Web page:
Polio is not a disease of the past. It still affects 120,000 people in the UK and for 80% of them life is set to get a whole lot harder as Post-Polio Syndrome (PPS) looms. Yet according to The British Polio Fellowship a staggering lack of awareness amongst medical professionals means Polio survivors in the UK are not getting the treatment that they need for PPS. On Wednesday 22 October the charity took their message to the heart of Westminster and at a special event organised by Andy Love MP they explained the situation to around 90 senior health officials, MPs and delegates, who were left under no illusions about the scale of the health challenge posed by PPS.
(Left to Right) Ted Hill, Andy Love MP, Bryan Rowley, Robin Luff and Julia Roberts
“The scale of this problem is enormous and it is a disgrace that so little is being done to tackle it,” said Andy Love MP, “PPS is a problem on the same scale as spinal injuries and Parkinson’s and yet it does not receive anything like the same level of attention from the medical profession. This must change and I believe that the awareness raised today will help to do that.”
Dr Robin Luff is the chair of The British Polio Fellowship’s panel of experts on PPS and he was very clear about the need for greater awareness about PPS, particularly amongst medical professionals:
“69% of GPs say that they would not feel confident in diagnosing somebody with PPS. GPs are the main link that people have with the medical profession and if they are not confident in diagnosing a problem that will affect 80% of Polio survivors then we have a very serious problem on our hands. If this problem is not addressed then I fear that thousands of people suffering the very painful effects of PPS will do so undiagnosed and not receiving treatment that could relieve their suffering.”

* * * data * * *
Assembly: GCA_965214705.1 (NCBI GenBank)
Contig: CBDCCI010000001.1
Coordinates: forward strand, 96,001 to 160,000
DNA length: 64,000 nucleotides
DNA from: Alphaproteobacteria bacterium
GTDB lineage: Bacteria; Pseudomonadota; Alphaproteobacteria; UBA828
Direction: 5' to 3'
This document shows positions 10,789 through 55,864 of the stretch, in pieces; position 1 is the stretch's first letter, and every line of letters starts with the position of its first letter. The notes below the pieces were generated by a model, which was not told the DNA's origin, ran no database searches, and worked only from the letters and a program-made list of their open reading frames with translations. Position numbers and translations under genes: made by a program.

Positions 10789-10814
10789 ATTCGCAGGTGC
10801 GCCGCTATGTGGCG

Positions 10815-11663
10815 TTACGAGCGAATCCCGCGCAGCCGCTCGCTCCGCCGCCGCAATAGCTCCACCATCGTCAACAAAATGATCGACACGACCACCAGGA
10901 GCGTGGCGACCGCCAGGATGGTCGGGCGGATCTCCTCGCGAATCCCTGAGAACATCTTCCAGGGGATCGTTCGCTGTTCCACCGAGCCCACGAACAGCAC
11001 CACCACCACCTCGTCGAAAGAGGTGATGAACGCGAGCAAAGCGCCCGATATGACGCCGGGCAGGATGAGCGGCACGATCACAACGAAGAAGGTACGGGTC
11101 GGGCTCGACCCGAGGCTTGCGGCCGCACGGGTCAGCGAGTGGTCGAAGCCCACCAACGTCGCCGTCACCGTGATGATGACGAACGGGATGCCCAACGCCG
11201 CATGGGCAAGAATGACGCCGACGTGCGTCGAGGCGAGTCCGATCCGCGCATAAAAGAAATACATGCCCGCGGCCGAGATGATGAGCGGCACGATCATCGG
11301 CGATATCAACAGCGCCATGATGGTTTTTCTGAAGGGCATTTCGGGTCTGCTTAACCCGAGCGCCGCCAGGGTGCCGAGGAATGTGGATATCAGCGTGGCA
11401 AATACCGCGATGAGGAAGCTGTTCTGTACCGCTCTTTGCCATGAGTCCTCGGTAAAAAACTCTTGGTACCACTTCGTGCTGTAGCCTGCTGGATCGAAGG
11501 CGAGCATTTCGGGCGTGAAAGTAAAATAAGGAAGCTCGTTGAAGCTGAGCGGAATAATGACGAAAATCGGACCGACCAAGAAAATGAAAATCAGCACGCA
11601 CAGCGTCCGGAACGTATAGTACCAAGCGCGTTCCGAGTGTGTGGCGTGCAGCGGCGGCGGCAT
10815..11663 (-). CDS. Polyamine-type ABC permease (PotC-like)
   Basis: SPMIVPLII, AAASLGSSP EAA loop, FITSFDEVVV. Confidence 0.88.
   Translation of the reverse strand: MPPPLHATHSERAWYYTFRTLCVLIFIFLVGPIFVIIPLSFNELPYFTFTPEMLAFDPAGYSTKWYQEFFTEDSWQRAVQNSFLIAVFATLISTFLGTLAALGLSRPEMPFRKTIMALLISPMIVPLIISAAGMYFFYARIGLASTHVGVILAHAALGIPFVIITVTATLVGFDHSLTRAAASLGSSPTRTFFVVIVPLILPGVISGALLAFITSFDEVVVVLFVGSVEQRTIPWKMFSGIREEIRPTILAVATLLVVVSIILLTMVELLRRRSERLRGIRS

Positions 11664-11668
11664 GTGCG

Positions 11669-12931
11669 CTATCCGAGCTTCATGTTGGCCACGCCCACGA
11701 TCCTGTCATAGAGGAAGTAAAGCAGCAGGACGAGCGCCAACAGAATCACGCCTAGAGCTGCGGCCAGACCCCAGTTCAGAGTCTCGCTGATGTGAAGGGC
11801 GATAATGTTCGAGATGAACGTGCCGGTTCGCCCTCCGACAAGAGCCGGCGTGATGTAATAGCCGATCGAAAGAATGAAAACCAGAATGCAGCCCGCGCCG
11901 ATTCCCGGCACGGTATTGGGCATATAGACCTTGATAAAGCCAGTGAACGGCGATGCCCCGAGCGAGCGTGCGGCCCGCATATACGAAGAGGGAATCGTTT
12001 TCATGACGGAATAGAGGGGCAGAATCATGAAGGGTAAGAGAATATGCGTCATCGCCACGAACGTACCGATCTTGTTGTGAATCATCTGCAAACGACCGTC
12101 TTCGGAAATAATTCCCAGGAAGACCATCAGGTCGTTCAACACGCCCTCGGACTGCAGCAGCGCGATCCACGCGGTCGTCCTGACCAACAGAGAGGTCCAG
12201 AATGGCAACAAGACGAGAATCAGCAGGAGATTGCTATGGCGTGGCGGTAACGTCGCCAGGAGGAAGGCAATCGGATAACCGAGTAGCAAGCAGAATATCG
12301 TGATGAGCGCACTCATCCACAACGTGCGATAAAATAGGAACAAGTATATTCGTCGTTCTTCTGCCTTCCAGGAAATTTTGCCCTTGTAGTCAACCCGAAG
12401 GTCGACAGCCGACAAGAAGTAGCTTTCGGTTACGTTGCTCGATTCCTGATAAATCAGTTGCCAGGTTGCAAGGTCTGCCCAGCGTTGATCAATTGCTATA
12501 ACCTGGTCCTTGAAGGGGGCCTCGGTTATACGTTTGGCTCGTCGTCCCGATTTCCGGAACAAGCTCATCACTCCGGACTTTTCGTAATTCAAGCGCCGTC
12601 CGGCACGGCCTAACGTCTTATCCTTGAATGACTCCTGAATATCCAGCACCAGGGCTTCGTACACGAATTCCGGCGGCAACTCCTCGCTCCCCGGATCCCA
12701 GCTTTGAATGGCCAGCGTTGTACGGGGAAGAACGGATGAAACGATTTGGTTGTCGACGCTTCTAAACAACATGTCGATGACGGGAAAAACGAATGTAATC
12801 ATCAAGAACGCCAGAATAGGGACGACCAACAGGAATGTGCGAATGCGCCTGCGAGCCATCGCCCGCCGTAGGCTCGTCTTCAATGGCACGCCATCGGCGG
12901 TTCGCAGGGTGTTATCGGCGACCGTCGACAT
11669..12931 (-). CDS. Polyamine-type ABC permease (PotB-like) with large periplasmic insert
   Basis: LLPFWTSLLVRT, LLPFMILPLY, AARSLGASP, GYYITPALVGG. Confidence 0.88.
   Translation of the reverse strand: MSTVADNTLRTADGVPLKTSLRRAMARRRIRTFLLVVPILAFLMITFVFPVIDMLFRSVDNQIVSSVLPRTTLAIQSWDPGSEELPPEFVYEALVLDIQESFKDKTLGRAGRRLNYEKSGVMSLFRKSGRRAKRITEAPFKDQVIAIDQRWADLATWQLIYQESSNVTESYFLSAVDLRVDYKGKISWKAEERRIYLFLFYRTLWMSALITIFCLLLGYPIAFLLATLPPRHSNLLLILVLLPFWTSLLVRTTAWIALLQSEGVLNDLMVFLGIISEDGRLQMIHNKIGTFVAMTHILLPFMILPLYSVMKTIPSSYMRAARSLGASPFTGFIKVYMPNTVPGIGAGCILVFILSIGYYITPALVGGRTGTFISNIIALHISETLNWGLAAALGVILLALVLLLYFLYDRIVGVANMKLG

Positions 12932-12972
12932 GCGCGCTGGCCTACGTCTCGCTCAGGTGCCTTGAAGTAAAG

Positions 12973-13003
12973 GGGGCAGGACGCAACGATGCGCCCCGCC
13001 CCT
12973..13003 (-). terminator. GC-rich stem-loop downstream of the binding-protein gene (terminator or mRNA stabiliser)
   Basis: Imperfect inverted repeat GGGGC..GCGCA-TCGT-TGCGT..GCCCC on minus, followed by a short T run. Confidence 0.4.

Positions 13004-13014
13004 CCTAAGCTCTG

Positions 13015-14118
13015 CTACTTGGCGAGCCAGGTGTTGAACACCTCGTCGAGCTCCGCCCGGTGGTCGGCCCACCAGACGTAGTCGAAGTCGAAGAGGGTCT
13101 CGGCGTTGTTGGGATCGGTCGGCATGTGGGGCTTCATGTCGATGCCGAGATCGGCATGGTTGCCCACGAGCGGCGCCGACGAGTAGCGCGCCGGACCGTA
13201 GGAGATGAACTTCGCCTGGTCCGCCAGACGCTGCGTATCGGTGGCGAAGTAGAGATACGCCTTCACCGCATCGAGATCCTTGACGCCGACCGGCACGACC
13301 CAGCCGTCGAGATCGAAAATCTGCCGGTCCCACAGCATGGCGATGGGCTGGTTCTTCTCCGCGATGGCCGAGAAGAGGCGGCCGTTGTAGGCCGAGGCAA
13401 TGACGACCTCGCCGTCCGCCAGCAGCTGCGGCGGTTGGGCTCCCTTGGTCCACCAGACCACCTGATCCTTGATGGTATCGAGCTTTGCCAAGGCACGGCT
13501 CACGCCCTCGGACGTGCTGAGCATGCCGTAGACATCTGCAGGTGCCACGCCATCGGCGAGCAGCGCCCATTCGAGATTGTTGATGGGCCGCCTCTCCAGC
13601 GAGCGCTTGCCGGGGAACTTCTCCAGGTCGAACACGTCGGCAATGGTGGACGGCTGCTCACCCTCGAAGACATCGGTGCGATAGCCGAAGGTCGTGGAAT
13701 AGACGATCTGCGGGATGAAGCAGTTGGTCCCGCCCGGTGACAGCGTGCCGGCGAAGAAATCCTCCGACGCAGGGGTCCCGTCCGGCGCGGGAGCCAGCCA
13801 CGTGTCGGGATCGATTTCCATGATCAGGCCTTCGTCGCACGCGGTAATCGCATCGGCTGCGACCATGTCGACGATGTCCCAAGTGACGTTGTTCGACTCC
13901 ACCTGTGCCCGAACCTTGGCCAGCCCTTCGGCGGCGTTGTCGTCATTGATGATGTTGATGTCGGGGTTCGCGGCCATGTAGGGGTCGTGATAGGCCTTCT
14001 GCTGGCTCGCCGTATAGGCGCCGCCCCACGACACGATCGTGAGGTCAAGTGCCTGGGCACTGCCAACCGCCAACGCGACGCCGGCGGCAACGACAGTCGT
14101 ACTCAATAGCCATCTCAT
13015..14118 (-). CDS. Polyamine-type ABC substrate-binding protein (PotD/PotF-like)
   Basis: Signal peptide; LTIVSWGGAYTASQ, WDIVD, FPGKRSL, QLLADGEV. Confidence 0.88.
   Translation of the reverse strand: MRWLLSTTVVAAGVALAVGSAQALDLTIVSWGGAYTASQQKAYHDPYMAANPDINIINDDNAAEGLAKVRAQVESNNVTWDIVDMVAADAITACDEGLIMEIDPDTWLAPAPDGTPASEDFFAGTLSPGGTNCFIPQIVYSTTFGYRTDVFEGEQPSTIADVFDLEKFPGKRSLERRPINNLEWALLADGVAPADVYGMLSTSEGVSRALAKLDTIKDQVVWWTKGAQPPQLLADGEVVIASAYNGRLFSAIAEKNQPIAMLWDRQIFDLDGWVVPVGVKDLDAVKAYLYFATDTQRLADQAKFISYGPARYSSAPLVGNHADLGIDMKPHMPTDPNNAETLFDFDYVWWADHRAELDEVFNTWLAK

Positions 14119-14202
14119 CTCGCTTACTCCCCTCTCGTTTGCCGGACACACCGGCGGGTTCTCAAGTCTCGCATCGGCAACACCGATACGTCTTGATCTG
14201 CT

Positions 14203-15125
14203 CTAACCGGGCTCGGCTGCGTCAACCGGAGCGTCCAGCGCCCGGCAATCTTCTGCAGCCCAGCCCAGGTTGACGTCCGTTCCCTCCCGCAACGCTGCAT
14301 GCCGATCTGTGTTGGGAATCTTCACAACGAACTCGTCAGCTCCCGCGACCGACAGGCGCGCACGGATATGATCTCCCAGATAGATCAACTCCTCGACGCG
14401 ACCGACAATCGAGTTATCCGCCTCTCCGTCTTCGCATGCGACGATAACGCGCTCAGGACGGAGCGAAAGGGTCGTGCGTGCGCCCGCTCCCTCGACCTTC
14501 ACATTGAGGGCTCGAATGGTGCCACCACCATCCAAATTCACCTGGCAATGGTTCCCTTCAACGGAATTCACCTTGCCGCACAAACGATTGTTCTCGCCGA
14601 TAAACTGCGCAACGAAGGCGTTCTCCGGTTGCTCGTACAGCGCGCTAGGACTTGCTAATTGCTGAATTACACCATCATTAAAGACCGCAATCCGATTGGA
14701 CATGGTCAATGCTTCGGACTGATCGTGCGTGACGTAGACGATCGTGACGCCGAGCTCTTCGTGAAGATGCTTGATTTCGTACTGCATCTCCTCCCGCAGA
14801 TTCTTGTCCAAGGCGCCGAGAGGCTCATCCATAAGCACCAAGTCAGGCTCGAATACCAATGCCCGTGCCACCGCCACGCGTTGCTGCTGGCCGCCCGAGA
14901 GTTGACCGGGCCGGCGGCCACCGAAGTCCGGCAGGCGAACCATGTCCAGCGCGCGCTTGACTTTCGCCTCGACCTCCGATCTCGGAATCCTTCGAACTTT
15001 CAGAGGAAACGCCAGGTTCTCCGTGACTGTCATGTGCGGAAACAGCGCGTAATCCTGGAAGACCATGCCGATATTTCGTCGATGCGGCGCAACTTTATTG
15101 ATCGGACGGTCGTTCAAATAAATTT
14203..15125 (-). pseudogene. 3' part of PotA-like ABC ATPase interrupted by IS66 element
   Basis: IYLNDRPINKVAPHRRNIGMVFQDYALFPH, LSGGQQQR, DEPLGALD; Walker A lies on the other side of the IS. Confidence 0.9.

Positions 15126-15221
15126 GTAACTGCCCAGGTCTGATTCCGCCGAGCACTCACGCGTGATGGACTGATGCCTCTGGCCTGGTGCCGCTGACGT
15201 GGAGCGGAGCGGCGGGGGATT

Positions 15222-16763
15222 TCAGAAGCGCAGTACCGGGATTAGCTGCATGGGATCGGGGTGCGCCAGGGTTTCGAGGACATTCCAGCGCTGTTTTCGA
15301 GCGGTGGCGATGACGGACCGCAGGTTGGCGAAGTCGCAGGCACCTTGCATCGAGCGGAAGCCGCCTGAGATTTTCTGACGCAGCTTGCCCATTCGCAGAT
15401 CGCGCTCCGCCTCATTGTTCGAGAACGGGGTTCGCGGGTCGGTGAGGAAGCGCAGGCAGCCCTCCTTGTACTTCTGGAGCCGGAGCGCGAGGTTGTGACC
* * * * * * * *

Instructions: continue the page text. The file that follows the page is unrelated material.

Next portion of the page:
Polio survivors face life with a range of symptoms including poor circulation, wasted limbs, paralysis and severe mobility issues. These symptoms are made much worse by PPS which develops in later life in people who have had Polio, sometimes decades after they initially contracted the disease. It is believed that 80% of people who have had Polio will go on to develop PPS.
The British Polio Fellowship has been supporting Polio survivors for the last 75 years and CEO Ted Hill MBE believes that PPS represents one of the greatest challenges the charity has ever faced: “60 years ago Britain was in crisis as a Polio epidemic swept the nation. Thankfully vaccines have ended the problem of new cases in Britain but that does not mean Polio no longer affects people here and that gets forgotten all too often. Those people who contracted Polio have had a lifetime coping with its affects and they are still here! It is our duty to support these people as PPS strikes them another cruel blow in later life.
“Health officials and MPs have got to take note and take action now and come up with a national strategy for dealing with PPS – they cannot ignore it any longer,” concluded Ted.
The British Polio Fellowship aims to support, help and empower Polio survivors in daily life and help them face the challenges brought on by PPS. If you would like more information or would like to join The British Polio Fellowship then please visit www.britishpolio.org or call 0800 043 1935.